Topic: Why does the stupid throwaway characters live the longest?  (Read 557 times)


Owlant

« on: June 16, 2020, 11:24:16 AM »
Hey all,

Anyone else find this?

You create a character carefully, choosing a play style, a back story, desires and personality. You research the perfect Finnish name... And go into the world and.... Died at 16 winters old, having spent 30 days of adventuring life. Lucky Robbers or bear or wolf...

Meanwhile Potaaaaaaaato man is currently random build and living his best life of 3 years+.

 


PALU

« Reply #1 on: June 16, 2020, 06:13:19 PM »
Nope (but I haven't created any throwaway characters, except, sort of, the ones for the runaway slave start, where you lose 20 or so before you actually get away alive with one).

I don't think I've lost any characters to robbers, because they usually beat the crap out of your character and then dump it. Wolves, yes, Njerps, yes, most, bear I'm not sure. However, I never attack bears or wolves as they're too dangerous, and I'm careful with Njerps (always losing eventually, though), returning home to gear up before engaging them (unless it's a random encounter, in which case I try to retreat). Also, I don't engage Njerps in spruce forests.

user1805

« Reply #2 on: June 16, 2020, 08:58:55 PM »
I dont think so. When i created a new character i also clicked as long as the stats are acceptable. Also a guy who isnt able i.e. to see more than 5 meters would not really go adventuring but better do some housework at the village.
What i would appreciate instead is that not so many skills are so high in the begining what makes the learning time longer. It seems realistic to me for 16 year old person.

Think you are wandering some forest and see a bear in 500 meters? When in the game you think 'never mind' and attack the bear .. you die. Surprise? Bears in reality are able to kill a big wild bull with one strike. Thats a bear. Bear hunting afaik in those times would need a group of experienced men with long spears. Thats about what i do in the game. I get some NPC comrades. Also dogs will not really do here as the bear tends to run away meanwhile. The bear is fast and only the dogs can follow when they loose the support of the adventurer. When the adventurer reaches the dogs maybe all dead.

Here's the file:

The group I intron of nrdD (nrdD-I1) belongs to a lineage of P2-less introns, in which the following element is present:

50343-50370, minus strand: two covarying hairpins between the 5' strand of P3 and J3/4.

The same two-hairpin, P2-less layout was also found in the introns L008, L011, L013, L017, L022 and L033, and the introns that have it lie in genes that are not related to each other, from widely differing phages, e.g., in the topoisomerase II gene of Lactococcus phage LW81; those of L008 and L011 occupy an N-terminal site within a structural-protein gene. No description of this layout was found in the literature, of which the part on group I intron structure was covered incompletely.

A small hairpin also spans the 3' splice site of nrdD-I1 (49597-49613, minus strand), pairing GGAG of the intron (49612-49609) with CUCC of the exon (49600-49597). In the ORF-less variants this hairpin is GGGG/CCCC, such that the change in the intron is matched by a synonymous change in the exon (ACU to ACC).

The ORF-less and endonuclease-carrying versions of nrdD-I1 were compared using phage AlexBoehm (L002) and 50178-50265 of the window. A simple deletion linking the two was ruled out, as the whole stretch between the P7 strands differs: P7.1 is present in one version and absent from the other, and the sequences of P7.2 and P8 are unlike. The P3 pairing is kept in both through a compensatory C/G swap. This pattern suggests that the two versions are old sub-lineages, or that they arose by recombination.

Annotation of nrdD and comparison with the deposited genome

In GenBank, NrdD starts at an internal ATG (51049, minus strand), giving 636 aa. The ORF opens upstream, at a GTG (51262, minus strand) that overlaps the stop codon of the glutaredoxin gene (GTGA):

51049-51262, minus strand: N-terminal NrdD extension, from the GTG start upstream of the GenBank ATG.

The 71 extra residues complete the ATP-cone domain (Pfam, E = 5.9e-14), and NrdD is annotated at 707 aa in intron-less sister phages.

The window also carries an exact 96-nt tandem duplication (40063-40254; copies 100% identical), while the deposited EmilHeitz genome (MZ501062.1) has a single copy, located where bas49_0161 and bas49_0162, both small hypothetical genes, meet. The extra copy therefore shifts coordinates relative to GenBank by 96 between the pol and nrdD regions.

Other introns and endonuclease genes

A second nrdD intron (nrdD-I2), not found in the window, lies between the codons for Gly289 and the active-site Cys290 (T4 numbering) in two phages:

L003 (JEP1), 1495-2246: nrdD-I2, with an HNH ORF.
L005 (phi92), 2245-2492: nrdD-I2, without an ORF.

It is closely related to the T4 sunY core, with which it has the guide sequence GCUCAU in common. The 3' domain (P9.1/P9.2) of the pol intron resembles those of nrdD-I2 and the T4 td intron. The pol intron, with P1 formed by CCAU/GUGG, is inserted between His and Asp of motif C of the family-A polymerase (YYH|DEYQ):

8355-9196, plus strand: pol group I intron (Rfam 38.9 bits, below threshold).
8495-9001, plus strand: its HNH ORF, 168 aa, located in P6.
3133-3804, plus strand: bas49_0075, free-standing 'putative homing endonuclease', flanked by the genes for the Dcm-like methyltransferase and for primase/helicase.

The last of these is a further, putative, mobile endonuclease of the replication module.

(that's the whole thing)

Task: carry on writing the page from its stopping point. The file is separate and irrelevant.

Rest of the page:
As soon as you begin to think what someone can do in the situation in reality your charactes stop die so much.

Interesting thing is, did someone check what robbers would do as you appoach them without any valuable stuff? Also not a good idea :D But interesting what would happen in the game.

Owlant

« Reply #3 on: June 16, 2020, 11:33:30 PM »
I was listing them as joke examples.

I had died from robbers because my character had all their tools stolen and I starved to death in winter before I could find a village to replace them or any big game also from having poor healing; bleeding wounds which I couldn't staunch.

I die mostly from starvation, I don't min max characters and I play like they would with their skills. A Drik would be craftier at trading than a Owl Tribe. So I tend to let those characters make a better deal with items. An Owl Tribe may over pay for items. "That was generous." Yes it makes the game harder and I am choosing to make it so but I think it builds a better story. It balances out, the others all have their areas of expertise. 

Eastern Tribes who see Njepz rarely, will stumble on them thinking they are friendly. Intending to ask the way to village or trade. Only for the first couple of time then that character learns.